SAILING | Elis clinch top spot

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Photo by Zeenat Mansoor.

The women’s team finished the year as it started: No. 1.

This weekend, the women’s team sliced through the choppy waters of the East River to secure a first-place finish at the SUNY Maritime-hosted Women’s Atlantic Coast Championships (ACCs), which pits the best teams from the East Coast against each other. The victory was a fitting conclusion to the successful fall season.

The No. 1 coed team’s fifth-place finish at the same tournament in Cambridge, Mass., although impressive, did not quite live up to the team’s high expectations.

In New York, the women’s team won a tight regatta, finishing first on a tiebreaker over second-place University of Rhode Island. Both had 181 points in total. Third-place Dartmouth was just off the championship pace, finishing with 182.

The regatta was sailed with 14 races in two divisions. In A division, the Elis finished second. Claire Dennis ’13 and Marlena Fauer ’14 split the skippering duties, while Katherine Gaumond ’15 aided Dennis as her crew, and Eugenia Custo Greig ’14 crewed for Fauer. The four combined for 10 top-five finishes, including four victories. In B division, a squad of four Bulldogs finished fourth. Emily Billing ’13 skippered on Saturday while Morgan Kiss ’15 took over for Sunday’s races. Amanda Salvesen ’14 handled the bulk of the crewing, but Anna Han ’14 lent a helping hand for the final two races of the regatta. The tetrad produced seven top-five finishes.

Members of the women’s team underscored the importance of the team effort that delivered the win. Team members pointed out that it is unconventional to switch skippers and crews frequently in the middle of such an important regatta. That all four skippers and all four crews sailed and sailed well made the triumph that much sweeter.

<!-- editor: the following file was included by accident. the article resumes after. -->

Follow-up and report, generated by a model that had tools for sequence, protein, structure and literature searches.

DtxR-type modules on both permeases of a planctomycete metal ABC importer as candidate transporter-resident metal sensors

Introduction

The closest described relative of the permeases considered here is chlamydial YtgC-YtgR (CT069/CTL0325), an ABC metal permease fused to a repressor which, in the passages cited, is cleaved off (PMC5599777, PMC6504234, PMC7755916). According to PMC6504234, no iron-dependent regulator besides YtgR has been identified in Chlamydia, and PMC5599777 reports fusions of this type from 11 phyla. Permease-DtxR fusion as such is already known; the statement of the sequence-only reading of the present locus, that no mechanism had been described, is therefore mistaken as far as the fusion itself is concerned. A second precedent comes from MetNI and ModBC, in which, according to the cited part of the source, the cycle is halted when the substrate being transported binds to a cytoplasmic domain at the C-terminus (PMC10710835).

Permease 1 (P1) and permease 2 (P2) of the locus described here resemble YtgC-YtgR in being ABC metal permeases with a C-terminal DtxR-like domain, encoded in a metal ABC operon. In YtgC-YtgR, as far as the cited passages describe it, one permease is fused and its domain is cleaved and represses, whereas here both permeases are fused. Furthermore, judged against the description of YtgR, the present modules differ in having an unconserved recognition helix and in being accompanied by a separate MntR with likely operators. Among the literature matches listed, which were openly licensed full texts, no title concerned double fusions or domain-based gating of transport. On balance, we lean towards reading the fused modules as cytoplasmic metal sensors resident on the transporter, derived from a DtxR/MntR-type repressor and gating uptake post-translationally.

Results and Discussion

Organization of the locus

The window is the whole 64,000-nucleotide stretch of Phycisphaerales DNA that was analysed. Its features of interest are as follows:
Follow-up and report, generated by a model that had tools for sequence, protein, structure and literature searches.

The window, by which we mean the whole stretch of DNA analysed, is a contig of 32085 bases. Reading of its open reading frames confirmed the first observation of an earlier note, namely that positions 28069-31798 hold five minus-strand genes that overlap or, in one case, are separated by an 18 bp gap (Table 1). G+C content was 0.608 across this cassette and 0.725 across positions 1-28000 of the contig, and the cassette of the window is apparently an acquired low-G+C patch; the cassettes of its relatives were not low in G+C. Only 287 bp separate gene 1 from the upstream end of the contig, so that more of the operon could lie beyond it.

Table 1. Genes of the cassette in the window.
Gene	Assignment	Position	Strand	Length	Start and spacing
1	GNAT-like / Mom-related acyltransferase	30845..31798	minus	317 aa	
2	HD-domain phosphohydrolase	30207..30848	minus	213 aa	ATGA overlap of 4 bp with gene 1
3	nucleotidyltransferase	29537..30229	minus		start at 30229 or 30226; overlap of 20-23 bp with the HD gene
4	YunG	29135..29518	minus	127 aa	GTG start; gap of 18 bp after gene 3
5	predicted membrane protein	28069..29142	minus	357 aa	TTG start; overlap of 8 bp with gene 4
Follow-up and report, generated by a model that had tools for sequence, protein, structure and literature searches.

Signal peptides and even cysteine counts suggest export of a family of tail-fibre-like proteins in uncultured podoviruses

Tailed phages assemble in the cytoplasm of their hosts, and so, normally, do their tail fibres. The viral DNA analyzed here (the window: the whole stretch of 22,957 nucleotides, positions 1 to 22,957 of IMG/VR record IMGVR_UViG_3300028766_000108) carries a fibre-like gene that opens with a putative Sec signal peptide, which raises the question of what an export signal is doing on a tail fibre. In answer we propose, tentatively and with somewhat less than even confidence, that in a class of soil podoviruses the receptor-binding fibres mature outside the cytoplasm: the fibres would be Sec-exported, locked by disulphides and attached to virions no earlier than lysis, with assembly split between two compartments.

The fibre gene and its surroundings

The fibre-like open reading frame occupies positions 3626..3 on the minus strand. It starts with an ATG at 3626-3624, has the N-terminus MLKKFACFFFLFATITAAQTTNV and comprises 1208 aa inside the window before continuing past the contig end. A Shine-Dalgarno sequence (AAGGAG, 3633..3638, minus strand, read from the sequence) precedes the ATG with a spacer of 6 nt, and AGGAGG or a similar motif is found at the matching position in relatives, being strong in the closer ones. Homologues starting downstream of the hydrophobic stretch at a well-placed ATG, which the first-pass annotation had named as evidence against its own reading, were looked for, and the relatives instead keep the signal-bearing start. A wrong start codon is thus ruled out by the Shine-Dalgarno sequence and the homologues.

“Going into this regatta with a team effort really helped us because all our skippers and all our crews knew they were going to sail in advance,” Dennis said. “We knew we were going to win as a team, and that was a really important factor.”

Salvesen agreed with Dennis, and even looked forward to bigger and better things.

“Rotating our skippers and crews shows we have a really deep women’s team,” Salvesen said. “Our oldest sailor is still a junior. This regatta is a good indicator of what we’re capable of. We’re hopeful for nationals this year.”

As it has all season, the Charles River provided a challenge to the coeds at the ACCs in Cambridge, Mass. Despite the unpredictable and mercurial river, the coeds managed a fifth-place finish at the hotly-contested regatta. The Bulldogs’ 281 points through 18 races in two divisions was merely five points behind third place and 17 behind second-place Dartmouth.

Just as a large squad brought the women’s team its victory this weekend, the coed team carried seven sailors to the ACCs, all of whom contributed in some fashion. In A division, captain Joe Morris ’12 skippered all 18 races, while Heather May ’13 crewed in 13 of those races. Isabel Elliman ’12 crewed in the remaining five. The trio combined for 133 points, tying College of Charleston for third, but were ultimately relegated to fourth on a head-to-head tiebreaker. Although the Bulldogs came in dead last on the first race of the regatta, their overall performance improved. The group garnered six top-five finishes.

Even the best team in the country cannot finish first in every regatta, and Morris emphasized the merits of a top-five finish at a regatta such as the ACCs.

“Overall we were pretty happy,” Morris said. “It’s hard not to be happy finishing in the top-five at a regatta with many of the best teams in the country. We had hoped to do a little bit better, but the conditions on the Charles were extremely different from what we were used to.”

In B division, Cam Cullman ’13, just a week removed from securing the singlehanded national championship, took on most of the skippering duties; Christopher Segerblom ’14 skippered the three races which Cullman did not. Genoa Warner ’12 handled most of the crewing, while Margot Benedict ’12 crewed six races. The group of four sailed well, but their 148 points placed them seventh in the division. Roger Williams University, which won the regatta, finished at the top of B division with an astounding 73 points. Nonetheless, Cullman was pleased with the result, emphasizing the problems posed by the Charles and that the team would head into its winter break eager to do even better.

“We did pretty well, but we’re heading into the offseason hungry and looking to improve in the spring,” Cullman said. “We were sailing on a shifty and puffy Charles.”

Both the women’s and coed sailing teams have concluded their fall schedules. The teams will resume competition in the spring.

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